The key factors that influence price are the type of insulation, sustainability, and whether the sleeping bag is aimed at regular camping or more demanding trekking or hiking.
For example, the cheapest type of sleeping bag you'll find is a lightly insulated summer option with synthetic fill aimed at weekend family camping. It doesn't need to be especially light or compact; it probably doesn't have any sustainability credentials to shout about.
At the other end of the spectrum, you have the warmest sleeping bags for winter expeditions in the mountains. These use tough fabrics and very high-quality down insulation, both treated to be hydrophobic. If the brand is sustainable, it will have used recycled and PFC-free materials and have high labour standards so that the people who make their gear are paid properly and respected.
Key features to look for in a sleeping bag
Sustainability: It's vital you take sustainability into account. No one will force you, but it's an important aspect to consider. A sustainable sleeping bag positively affects not only the impact of its production but also the longevity of the sleeping bag and the use you get from it.
Temperature rating: This is a rough guide to the temperature range a sleeping bag is designed for. A sleeping bag normally has three figures in a temperature rating: Comfort, Limit, and Extreme. Comfort is where the sleeping bag is comfortable for an 'average' adult female; Limit is comfortable for an 'average' adult male; Extreme is a survivable temperature, but you run the risk of hyperthermia.
Insulation type: Down and synthetic fill are the two types of insulation used in sleeping bags. Down is lightweight, warm, and durable. Synthetic fill is cheaper and better in damp conditions but is heavier.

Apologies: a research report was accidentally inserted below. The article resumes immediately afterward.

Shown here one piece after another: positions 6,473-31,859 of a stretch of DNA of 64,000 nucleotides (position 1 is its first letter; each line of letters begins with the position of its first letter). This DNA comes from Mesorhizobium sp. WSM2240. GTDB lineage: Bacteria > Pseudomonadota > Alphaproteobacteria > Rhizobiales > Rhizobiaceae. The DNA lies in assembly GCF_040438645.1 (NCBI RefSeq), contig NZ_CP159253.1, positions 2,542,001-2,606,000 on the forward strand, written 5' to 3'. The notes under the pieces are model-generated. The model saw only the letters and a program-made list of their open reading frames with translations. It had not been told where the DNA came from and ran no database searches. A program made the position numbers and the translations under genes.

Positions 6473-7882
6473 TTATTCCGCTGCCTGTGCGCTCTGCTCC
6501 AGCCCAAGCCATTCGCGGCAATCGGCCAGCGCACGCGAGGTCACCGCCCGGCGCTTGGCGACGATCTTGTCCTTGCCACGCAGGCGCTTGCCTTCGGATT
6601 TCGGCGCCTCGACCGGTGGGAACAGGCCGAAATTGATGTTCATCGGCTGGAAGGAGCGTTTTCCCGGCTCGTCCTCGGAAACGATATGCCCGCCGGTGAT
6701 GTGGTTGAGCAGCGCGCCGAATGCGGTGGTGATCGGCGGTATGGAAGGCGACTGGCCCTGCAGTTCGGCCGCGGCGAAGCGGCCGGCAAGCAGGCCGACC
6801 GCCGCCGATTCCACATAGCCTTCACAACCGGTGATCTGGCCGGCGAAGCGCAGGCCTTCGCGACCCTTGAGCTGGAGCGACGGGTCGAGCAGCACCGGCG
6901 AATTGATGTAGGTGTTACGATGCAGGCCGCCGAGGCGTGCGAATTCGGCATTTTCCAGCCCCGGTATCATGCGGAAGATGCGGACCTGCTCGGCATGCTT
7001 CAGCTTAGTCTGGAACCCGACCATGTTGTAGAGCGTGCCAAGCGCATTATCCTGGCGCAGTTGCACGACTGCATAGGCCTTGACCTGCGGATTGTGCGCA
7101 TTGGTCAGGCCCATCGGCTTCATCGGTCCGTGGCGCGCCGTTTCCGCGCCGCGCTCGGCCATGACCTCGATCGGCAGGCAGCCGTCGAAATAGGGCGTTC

Weight and packed size: How light and compact a sleeping bag only matters for backpacking and hiking trips where rucksack space is at a premium. For family campsite camping accessed by car, it's not so important. Hikers need to think about a balance of low weight and small size against volume of insulation and warmth.
Material: Nylon is commonly used to make hiking sleeping bags because it's lightweight and strong. Polyester is more common for camping sleeping bags because it's cheaper and a bit softer to touch. Look at the fabric's denier, and this will give you an indication of material strength. High denier means a denser, tougher fabric; lower denier means lighter but more delicate.
Shape: Mummy-shaped sleeping bags offer the best efficiency because of the tapered fit. But they can feel restrictive, and you may prefer a more rectangular shape. Semi-rectangular options exist as a middle ground. And don't forget about women's specific sleeping bags that have more insulation around the feet and hips.
Extra features: Zip length is one to consider. Full-length zips make the sleeping bag easy to get in and out of but compromise weight and warmth somewhat. Shorter zips are the converse of this. Draft tubes and collars boost a sleeping bag's insulating efficiency like they do in your house. If you're opting for a down sleeping bag, also consider whether a hydrophobic down treatment is something you want.
How we tested
Our testing of sleeping bags involves a lot of nights out in the hills and mountains. It's time-consuming but we aren't complaining.
We test sleeping bags in the conditions for which they are intended. So, for lightweight summer sleeping bags, we see if they perform in milder conditions. Three-season sleeping bags are tested across multiple seasons. Winter sleeping bags are tested in harsh winter conditions. If a sleeping bag claims to perform in damp conditions, we put that to the test. Our heavily experienced gear testers consider not only outright performance but other important aspects such as build quality and sustainability.
Annually, we create the ultimate shortlist of the very best gear in our Gear of the Year Awards.
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Oli Reed is Group Editor of Live For The Outdoors and Trail Magazine. He is a lifelong hiker who has scrambled and climbed hills all over Europe.